Foreign and Defense Policy, Europe and Russia

President Obama’s ‘Cold War mentality’ cop out

Image Credit: White House Photographer Pete Souza, (Public Domain)

Image Credit: White House Photographer Pete Souza, (Public Domain)

It was good to see President Obama call out Vladimir Putin publicly last night regarding the Snowden affair. Today, cancelling the meeting with the Russian president was a sensible step. But comments like the following make it difficult to take the American president seriously: “There have been times where they slip back into Cold War thinking and a Cold War mentality. What I continually say to them and what I say to President Putin is that’s the past and we’ve got to think about the future.”

It’s the kind of barb — if that’s what it is — one expects to hear from Chinese Communist Party functionaries. Indeed it’s a favorite of the CCP:

  • “‘Military alliances are a product of history. We believe any strengthening and expansion of military alliances is an expression of a Cold War mentality,’ [Defense Ministry Spokesman] Geng said.”
  • “China on Thursday called on some US politicians to abandon their zero-sum game and cold war mentality when considering the development of bilateral relations. Foreign Ministry spokesman Hong Lei made the comment in response to U.S. Republican presidential candidate Mitt Romney’s remarks on China.”
  • “The United States is exhibiting a Cold War mentality with its fears that Chinese telecommunications equipment manufacturer Huawei poses a security risk because of its ties to the Communist Party, China’s commerce minister said on Saturday.”

Making these kinds of accusations is a convenient and attractive way for Chinese leaders to avoid talking about actual issues in the US-China relationship in a serious way. Apparently, the same is true for the American president. Instead of simply asserting that Putin was stuck in the past, the president could have offered an actual explanation to the American people for Russia’s behavior. He could have explained that the United States and Russia have differing national interests, some widely divergent, which is why even though the Cold War is 20+ years in the past, US-Russian relations aren’t all peaches and cream.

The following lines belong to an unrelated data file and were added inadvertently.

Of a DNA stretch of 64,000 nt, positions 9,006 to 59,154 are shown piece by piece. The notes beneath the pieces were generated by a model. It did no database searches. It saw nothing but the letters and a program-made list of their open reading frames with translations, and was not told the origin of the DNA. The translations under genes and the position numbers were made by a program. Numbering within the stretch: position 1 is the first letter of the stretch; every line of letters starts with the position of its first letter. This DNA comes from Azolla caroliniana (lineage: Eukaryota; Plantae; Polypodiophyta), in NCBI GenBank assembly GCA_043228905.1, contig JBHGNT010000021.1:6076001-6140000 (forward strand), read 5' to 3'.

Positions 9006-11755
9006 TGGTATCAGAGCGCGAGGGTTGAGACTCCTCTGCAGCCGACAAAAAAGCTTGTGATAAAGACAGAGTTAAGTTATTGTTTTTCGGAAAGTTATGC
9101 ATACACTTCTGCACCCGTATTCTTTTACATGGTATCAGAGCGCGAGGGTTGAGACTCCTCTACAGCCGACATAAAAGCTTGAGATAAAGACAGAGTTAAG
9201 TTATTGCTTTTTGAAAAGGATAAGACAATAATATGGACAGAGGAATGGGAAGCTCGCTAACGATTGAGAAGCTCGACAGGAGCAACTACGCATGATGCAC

To offer such an explanation would be to invite closer examination of Obama’s Russia policy and questioning of its effectiveness. On the other hand, if “slipping” back into a “Cold War mentality” is something that just happens from time to time in Moscow…well, the president can’t be held responsible for that.

It seems to me that the president of the United States should never come across sounding like he’s on the editorial board of The People’s Daily. But hey, maybe that’s just my Cold War mentality talking.

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